The results came faster, and were deeper and wider. This is because Pradan’s work on building a strong foundation of social mobilisation and civil society action had created the conditions suitable for related development interventions to have faster, deeper impact.


Photo Courtesy: Charlotte Anderson Photography

How to make it work

Focus on ‘communities’ – being a small player on a big canvas is better than the other way around
By enlarging our canvas of action, we might be more willing to admit that the problem we are trying to solve is adaptive, and therefore requires non-linear solutions, with multiple partners having complementary expertise, working together. Further, if we make the community central to our analysis of the problem, the solutions must come from them too. If we consider their initiative, enterprise and leadership core to the theory of change, we can build a model for convergence. With organised communities leading the effort, several specialist organisations can provide facilitative knowledge and build their capacities to drive change at the grassroots.

Think of it as a partnership of equals
Leaders of partner organisations may all subscribe to the big transformative picture, they may be good friends and allies; but the challenge is to translate this bonhomie to the staff on the frontlines. We therefore need to put in protocols and systems that enable the organisations (and not just the leaders) to partner as equals, thereby maximising the chances for success.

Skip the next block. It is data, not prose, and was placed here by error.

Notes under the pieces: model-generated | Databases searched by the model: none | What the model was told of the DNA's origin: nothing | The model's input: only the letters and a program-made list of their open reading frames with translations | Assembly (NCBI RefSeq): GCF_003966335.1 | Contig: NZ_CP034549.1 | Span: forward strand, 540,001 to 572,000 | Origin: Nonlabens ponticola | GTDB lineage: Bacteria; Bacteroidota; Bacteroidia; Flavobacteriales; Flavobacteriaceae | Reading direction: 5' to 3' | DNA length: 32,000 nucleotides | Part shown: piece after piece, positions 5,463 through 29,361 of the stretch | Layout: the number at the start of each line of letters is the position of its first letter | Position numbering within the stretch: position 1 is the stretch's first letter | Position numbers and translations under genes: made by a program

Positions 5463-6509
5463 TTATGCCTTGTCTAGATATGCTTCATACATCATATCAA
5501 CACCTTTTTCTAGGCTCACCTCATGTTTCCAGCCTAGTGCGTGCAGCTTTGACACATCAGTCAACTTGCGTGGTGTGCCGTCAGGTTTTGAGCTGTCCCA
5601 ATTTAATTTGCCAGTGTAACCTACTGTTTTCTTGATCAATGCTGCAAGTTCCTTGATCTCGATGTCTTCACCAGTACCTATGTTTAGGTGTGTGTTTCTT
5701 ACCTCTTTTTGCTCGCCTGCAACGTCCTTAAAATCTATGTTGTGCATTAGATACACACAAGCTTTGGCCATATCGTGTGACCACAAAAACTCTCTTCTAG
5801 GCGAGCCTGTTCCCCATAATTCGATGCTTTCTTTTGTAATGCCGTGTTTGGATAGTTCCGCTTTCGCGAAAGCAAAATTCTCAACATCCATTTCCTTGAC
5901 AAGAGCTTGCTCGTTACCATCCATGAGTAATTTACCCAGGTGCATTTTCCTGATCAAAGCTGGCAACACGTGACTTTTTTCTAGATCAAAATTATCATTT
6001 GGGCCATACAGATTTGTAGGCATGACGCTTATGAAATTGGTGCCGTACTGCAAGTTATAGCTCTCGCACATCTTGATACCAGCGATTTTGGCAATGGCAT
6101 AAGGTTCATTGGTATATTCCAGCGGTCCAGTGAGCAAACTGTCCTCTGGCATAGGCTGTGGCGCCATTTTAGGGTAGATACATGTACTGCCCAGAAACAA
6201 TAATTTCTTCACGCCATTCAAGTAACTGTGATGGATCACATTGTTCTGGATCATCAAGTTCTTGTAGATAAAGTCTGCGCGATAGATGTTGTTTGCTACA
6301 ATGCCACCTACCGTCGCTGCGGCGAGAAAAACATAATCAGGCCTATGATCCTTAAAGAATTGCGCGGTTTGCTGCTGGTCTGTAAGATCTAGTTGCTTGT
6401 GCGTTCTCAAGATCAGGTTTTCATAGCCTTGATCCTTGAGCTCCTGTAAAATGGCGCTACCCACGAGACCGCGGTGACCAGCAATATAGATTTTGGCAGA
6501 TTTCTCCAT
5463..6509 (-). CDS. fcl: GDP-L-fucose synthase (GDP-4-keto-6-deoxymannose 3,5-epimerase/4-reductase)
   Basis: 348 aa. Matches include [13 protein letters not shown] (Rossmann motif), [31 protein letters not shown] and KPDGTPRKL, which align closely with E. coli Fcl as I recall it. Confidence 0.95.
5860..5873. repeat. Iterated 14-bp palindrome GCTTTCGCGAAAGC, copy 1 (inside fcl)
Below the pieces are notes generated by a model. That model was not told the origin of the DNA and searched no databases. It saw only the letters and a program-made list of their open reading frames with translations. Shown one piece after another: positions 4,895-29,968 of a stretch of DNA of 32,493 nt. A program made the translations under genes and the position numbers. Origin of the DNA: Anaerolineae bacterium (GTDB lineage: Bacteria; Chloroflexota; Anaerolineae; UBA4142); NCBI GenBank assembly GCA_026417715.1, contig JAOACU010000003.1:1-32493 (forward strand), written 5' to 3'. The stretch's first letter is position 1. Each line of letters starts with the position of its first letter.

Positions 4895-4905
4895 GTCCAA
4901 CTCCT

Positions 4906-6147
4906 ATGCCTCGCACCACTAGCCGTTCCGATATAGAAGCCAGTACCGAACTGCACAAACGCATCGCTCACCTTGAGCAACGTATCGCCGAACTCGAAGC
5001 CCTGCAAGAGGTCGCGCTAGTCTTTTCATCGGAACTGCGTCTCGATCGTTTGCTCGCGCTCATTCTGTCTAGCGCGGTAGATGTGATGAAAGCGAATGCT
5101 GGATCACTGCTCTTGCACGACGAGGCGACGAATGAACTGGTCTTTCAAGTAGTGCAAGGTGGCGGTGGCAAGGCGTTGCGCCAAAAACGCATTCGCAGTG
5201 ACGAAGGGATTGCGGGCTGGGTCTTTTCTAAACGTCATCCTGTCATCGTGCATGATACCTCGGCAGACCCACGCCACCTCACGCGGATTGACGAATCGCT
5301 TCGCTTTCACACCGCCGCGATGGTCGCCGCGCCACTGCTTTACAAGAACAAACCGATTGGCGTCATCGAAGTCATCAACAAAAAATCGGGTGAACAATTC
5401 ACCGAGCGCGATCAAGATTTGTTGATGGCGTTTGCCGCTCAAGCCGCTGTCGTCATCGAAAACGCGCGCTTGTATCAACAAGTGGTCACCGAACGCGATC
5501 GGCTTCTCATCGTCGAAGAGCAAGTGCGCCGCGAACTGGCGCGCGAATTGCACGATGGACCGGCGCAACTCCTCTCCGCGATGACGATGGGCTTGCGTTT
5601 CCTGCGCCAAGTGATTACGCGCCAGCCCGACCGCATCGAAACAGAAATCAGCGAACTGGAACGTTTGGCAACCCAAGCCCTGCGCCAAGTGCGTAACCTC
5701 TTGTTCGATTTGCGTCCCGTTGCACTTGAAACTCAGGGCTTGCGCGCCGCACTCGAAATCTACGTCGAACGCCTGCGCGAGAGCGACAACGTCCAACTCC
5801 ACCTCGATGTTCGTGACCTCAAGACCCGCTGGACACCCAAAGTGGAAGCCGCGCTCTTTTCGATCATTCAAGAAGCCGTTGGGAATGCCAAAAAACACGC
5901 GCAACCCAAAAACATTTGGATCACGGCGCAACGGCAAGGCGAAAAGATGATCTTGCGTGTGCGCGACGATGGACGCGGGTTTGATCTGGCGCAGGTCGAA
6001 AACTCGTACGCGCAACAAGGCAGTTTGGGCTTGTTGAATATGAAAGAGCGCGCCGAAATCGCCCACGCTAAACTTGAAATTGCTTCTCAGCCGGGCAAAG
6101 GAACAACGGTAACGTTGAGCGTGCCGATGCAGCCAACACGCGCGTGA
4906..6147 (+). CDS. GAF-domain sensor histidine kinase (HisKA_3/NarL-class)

Understanding transformation at the grassroot requires adaptive solutions; we need to make space for co-creating, drawing insights and sharing expertise, as well as develop joint working mechanisms to shape the pathways to change.

Ensure institutional buy-in
We need buy-in at multiple levels: the leader, because you are asking them to accommodate someone else’s ideology and approach; the board and the donors because the programme they have funded defines the organisation; and the ground team, because it entails altering their processes and routines.

When different personalities are involved, so are egos that need to be smoothened with time. But one must also solve for it institutionally. An entity like TRI can bring in credibility and expertise and create a structure that allows the organisations (and not just the leaders) to function as true partners.

Build a structure
Given that there are different organisations working with the same community to bring about change across multiple dimensions, it is imperative to have a structure that works for everyone.

At TRI, we have four to five member teams from each of the three or four partner organisations covering nutrition, education and livelihoods. Hence typically there are 15-20 nonprofit staff members organised into these three teams with a very strong engagement interface with each other and the community.